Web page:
So, week two was good for the Hawks. Like, really good. Like, the biggest beatdown of Iowa State in Iowa history good. I’ll be honest, I thought H.A.W.K.E.Y.E.S. was playing things a little conservatively and I expected things to be a little more lopsided than the 32-22 score it was predicting. But I was not expecting 42-3. And while I want H.A.W.K.E.Y.E.S. to get everything right, I can’t say that I’m too upset that it was wrong in this case. Hindsight is 20/20, and at least H.A.W.K.E.Y.E.S. wasn’t predicting a ‘Clone win. Iowa is 2-0, and so is H.A.W.K.E.Y.E.S. when predicting wins and losses for the good guys; life is good.
Now, onto the nitty-gritty-down-and-dirty. H.A.W.K.E.Y.E.S., like any good artificial intelligence bent on global domination and human subservience, needs to learn from history. To that end, I’ve made some changes to the engine that makes H.A.W.K.E.Y.E.S. run. Most notably, I’m beginning to see this Iowa team is special and unique, just like every Iowa team that came before it. What I mean by that is that each season, the Hawks will bring different strengths and weaknesses to the table. In order to capture this phenomenon, I’ve been toying with some corrections. It’s no longer good enough to just assume that every team Iowa plays will perform to their normal standards and it’s certainly not fair to assume that Iowa’s game plan has no effect on the other team’s outputs.
From now on, after every game Iowa plays, I will be looking at how Iowa affected the team it played. Did we make them throw more? Run more? Cause turnovers? In short, what sort of handicaps or advantages did Iowa impart on its opponent. I then programmed H.A.W.K.E.Y.E.S. to take into account these effects when it predicts scores.
And after the first two games, I believe we can start to ignore some of the data from the 2015 season. To that end, I have also begun to tell H.A.W.K.E.Y.E.S. to start to de-weight (my made up, technical term) the 2015 averages in favor of the results of the current season. So, for the upcoming game, H.A.W.K.E.Y.E.S. will essentially ignore 20% of Iowa’s and NDSU’s stats from 2015. The hope here is that between the two changes I’ve made to H.A.W.K.E.Y.E.S., it will start to be more responsive to this season and to this Iowa team’s particular strengths and weaknesses. So without further ado, what did H.A.W.K.E.Y.E.S. have to say about Saturday’s matchup with the North Dakota State Bison?
|School||Iowa||North Dakota State|
H.A.W.K.E.Y.E.S. sees another big win for Iowa. Now, this week H.A.W.K.E.Y.E.S. had to make a little change to the way that it calculates scores. Because NDSU is an FCS team, its statistics are primarily racked up against other FCS competition, meaning that we would not expect NDSU to be as efficient or move the ball as well when playing against an FBS opponent like Iowa. To compensate for this, I used a technique to calculate just how much more Iowa scores against FCS foes and how much less FCS foes tend to score against Iowa. It turns out that, on average, there is an approximate 14-point difference in total, with Iowa scoring 7 points more on average and holding FCS foes to 7 fewer points. Once H.A.W.K.E.Y.E.S. knew this trend, it was able to adjust the scores it produced accordingly.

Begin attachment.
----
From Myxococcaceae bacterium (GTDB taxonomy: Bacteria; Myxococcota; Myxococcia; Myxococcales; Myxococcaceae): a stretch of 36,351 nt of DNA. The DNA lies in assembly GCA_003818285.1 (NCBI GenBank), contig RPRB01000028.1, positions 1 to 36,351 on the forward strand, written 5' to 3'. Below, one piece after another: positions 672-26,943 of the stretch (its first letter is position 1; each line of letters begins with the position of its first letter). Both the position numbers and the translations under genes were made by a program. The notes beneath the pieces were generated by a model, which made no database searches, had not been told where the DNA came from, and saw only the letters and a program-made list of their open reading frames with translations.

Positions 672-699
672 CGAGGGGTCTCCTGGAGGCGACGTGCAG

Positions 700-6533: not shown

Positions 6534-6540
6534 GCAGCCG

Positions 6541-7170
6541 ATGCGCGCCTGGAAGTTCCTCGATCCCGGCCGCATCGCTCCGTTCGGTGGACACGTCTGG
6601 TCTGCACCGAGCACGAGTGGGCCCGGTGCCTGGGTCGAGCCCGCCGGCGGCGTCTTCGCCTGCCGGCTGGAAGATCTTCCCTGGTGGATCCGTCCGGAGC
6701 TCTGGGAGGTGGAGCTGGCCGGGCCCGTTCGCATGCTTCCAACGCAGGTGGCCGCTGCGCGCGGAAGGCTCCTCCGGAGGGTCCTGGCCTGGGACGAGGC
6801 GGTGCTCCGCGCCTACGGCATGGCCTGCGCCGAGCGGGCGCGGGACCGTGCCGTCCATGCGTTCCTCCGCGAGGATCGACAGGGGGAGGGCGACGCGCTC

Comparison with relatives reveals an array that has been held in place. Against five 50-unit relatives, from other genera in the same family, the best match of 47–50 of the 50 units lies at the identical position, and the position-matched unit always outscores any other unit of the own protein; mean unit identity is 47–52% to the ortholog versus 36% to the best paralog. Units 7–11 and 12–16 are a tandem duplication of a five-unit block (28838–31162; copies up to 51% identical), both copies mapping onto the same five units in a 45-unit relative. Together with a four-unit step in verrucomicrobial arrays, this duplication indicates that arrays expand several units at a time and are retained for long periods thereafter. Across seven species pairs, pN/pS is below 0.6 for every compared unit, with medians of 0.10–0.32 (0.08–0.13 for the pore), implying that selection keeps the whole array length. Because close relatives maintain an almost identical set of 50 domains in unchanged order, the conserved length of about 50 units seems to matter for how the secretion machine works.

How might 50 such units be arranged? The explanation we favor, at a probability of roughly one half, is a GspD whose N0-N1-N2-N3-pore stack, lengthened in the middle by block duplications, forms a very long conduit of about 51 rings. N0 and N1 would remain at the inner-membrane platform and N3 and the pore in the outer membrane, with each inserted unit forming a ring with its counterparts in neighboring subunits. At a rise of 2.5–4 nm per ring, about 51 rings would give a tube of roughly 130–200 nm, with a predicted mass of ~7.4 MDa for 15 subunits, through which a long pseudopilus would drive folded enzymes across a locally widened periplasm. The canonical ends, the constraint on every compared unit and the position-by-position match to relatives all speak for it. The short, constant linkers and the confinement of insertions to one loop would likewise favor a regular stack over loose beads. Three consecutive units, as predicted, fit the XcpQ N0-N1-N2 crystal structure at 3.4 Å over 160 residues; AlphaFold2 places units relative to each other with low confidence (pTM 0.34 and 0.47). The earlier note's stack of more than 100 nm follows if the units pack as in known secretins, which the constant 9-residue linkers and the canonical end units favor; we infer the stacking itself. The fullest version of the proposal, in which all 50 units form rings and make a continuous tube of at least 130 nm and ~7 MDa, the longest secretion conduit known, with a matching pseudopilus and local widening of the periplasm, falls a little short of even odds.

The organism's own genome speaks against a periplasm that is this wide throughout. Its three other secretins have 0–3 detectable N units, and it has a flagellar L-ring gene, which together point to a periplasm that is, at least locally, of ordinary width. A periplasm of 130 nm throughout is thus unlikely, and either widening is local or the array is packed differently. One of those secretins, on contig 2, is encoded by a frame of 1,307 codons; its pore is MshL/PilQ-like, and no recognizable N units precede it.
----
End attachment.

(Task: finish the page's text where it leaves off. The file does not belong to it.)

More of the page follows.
Now, some of you out there may be saying, “H.A.W.K.E.Y.E.S. is just a computer, it doesn’t understand that NDSU is THE team to beat in the FCS and they’ve won every FCS championship since 1776*.” And while it may be true that NDSU does beat some FBS teams (cough cough Iowa State cough cough), they are not exactly playing the cream of the FBS crop. In fact, NDSU’s latest FBS win came in 2014 over a team (cough cough Iowa State cough cough) that just lost to another FCS school, Northern Iowa. While the Bison have a few FBS notches on their belt, they are not exactly giant-killers, either. And there is, of course, the small fact that Iowa has never lost to an FCS or Division I-AA school.
If you look at the chart, you’ll notice that there is only one instance of Iowa even playing an FCS team close, and that was the fluky 2009 season opener against UNI where Iowa blocked two field goals on consecutive plays for the first and only time ever in NCAA history to hold a 17-16 lead. Since 2002, the next-closest finish was an 8-point win over UNI in the season of which we shall not speak. I would expect Iowa to pretty much exert its will on the Bison in every phase of the game. NDSU simply doesn’t have the size, talent, athleticism, or depth to stand up to Iowa at the point of attack. Once again, I think H.A.W.K.E.Y.E.S is calling this one conservatively (even after adjusting the score by 14 points in Iowa’s favor). I would not be surprised to see another North Texas-like stomping on Saturday.
*This is not true, obviously. I don’t think any of you said EXACTLY those words.